Has Uber led to a decrease in Seattle DUIs?

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@treycausey tweeted about this Uber blog post about how Uber reduced DUI arrests in Seattle. Using a technique called regression discontinuity, they claim that Uber has reduced DUI arrests by about 10% on average. The post bugged me though, because there is not a lot of detail on the methods, and regression discontinuity is the sort of research design that is very much dependent on specification. In this post I replicate the study and walk through what regression discontinuity is and why it can be a very effective research design. Ultimately I think it’s plausible that Uber did in fact reduce DUIs in Seattle, but the story is a bit more complex than the blog post lets on. Continued under the break!

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Poking around federal contracts

The Sunlight Foundation recently posted a database of federal contracts they obtained via FOIA (and litigation, apparently). I thought this would be another fun opportunity to work on my javascript skills and poke around a new data source. I’ve never really looked at federal contracts even though there is a lot of data that is readily accessible online.

There are 14 years of data, starting in 2000, but the first two appear to be incomplete and of course 2013 isn’t over yet, so I restricted my analysis to 2002-2013. I wanted to map the data, not because I had any interesting point to make about the location of federal contracts, but rather because I wanted to get more practice using Kartograph. Unfortunately, the raw data does not provide very good information on the locations of contract winners. Most of the time there is a little bit of location data embedded in a field for the contract winner’s name. But these are often nothing more than zip codes or incomplete addresses. To locate the data on a map, these addresses needed to be geocoded (turning an address into a lat/lon coordinate pair).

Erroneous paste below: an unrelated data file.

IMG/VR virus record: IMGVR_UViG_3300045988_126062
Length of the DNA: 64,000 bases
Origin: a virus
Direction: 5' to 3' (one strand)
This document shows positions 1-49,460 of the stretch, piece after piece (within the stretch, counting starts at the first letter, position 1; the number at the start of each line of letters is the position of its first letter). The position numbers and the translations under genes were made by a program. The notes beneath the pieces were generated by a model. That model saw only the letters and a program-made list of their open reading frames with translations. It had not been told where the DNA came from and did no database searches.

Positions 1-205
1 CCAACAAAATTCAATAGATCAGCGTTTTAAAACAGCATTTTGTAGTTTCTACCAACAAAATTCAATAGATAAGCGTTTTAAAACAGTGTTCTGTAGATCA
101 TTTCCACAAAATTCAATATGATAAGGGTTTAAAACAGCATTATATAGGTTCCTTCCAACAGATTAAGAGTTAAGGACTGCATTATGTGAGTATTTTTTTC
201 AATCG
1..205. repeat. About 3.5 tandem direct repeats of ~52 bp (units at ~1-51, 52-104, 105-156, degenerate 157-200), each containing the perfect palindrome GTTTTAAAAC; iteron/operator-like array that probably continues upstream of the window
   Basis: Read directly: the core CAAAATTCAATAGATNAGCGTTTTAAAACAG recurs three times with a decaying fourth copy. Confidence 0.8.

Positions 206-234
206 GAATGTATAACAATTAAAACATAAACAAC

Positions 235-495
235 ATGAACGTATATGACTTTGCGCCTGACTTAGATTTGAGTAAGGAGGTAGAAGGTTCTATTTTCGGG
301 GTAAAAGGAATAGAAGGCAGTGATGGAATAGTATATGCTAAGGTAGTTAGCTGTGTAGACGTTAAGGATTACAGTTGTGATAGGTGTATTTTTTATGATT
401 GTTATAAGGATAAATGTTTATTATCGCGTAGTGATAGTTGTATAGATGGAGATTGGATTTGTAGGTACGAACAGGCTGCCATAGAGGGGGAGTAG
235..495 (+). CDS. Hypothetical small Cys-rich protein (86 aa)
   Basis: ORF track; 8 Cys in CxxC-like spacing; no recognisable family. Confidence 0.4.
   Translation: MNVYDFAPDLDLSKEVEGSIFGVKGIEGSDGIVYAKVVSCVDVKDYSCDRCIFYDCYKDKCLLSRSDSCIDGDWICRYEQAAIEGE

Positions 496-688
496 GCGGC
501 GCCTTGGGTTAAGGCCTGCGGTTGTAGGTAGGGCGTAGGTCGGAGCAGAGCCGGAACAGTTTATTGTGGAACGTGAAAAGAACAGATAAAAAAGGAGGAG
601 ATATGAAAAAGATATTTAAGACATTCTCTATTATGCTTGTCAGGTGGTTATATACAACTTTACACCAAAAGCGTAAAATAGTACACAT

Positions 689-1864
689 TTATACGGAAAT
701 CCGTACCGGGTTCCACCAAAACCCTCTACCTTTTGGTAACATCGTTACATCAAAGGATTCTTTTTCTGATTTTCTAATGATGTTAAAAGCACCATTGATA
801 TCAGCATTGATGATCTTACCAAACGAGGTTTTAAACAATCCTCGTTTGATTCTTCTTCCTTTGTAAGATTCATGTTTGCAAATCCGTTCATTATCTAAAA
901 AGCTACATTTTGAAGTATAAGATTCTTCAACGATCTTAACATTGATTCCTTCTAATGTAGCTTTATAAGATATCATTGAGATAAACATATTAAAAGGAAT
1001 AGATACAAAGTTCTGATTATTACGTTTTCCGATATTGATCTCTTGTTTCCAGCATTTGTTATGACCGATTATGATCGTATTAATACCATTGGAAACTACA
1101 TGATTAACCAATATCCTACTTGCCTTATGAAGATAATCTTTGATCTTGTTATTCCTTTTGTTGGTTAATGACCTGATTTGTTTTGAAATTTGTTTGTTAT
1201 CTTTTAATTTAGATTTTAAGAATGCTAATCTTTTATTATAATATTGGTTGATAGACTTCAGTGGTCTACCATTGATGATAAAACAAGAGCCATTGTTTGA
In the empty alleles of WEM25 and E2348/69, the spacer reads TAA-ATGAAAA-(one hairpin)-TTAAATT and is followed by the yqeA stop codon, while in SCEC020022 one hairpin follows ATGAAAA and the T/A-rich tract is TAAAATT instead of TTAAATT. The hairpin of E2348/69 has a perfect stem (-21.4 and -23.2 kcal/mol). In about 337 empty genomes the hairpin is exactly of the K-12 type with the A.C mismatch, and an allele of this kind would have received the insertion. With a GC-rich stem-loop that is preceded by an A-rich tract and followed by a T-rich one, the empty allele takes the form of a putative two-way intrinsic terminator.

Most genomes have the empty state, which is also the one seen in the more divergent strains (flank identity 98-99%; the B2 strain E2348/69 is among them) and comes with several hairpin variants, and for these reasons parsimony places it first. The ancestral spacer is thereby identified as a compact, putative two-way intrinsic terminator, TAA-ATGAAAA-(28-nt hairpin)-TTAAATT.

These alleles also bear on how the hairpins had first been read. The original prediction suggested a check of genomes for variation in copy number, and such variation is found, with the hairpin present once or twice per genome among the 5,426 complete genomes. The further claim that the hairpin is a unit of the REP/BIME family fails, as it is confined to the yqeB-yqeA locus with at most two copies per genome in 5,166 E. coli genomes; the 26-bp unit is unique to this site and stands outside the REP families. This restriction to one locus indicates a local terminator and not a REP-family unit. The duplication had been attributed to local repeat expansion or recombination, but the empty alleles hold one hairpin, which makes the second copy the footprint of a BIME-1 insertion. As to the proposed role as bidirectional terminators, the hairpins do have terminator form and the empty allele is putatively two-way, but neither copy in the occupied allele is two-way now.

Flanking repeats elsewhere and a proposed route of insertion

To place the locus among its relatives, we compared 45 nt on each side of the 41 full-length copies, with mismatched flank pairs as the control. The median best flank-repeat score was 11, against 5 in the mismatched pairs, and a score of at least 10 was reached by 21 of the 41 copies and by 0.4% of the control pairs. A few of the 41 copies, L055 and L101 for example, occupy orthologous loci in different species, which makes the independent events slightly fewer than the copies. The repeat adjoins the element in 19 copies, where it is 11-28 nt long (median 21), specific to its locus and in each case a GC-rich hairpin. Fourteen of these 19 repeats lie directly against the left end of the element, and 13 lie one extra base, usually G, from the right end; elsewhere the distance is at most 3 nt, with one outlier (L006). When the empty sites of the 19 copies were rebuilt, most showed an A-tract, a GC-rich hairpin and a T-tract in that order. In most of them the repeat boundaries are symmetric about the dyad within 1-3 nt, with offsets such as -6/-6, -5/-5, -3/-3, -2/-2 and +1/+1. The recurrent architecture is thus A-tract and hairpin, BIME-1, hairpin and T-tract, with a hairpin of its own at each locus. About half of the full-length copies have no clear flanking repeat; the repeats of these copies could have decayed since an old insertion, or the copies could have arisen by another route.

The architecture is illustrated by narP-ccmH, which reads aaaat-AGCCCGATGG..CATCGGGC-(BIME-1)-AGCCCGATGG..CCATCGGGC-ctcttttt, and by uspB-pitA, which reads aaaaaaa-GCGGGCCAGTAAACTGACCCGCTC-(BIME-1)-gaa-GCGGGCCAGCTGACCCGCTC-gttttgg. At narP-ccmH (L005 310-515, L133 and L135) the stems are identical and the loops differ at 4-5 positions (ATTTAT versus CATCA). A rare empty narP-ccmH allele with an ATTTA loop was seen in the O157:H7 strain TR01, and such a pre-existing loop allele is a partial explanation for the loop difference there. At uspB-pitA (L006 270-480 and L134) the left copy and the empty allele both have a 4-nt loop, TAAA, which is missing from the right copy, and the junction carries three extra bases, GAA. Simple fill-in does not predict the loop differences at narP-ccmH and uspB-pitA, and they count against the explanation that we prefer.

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Mapping BBQ locations using Yelp

A little while back a friend suggested that maybe we could write a fun piece about BBQ. We are both living in Texas and while BBQ has always been a big deal in Texas, it seems to be getting bigger, with Texas Monthly appointing a full-time BBQ editor. I’ve been wanting to learn to work with maps better and to get into interactive web visualizations for a while, so this seemed like a good excuse to work on both.

I used the Yelp API to get data on BBQ restaurants in each of the 30 largest US cities (according to Wikipedia, city limits only). You’re really not supposed to use the API like this and in the future I’ll use one of Yelp’s academic data sets. To make it work, I had to split each city up into 625 lat/lon grid points and query each one separately. I averaged the ratings of each restaurant I found to get an average for the city. I also sampled a small number of restaurants in each city and collected review text for those restaurants (Yelp really doesn’t like you doing this, since it can’t be done with the API, and I don’t recommend trying it. Let’s just say that I can no longer read Yelp at home.) I used a dictionary of food adjectives I found on the web to pare the corpus down, and found three words for each city that are frequently used to describe that city’s BBQ. As you can see from mousing over the cities on the map below, this didn’t always work out great. More thoughts under the map…

US BBQ according to Yelp reviews

Circle size is proportionate to number of restaurants. Mouse over a city to see adjectives commonly used in Yelp reviews for area restaurants.

Average restaurant review
>3.7 >3.6 >3.5 >3.4 >3.3 >3.2 <3.1

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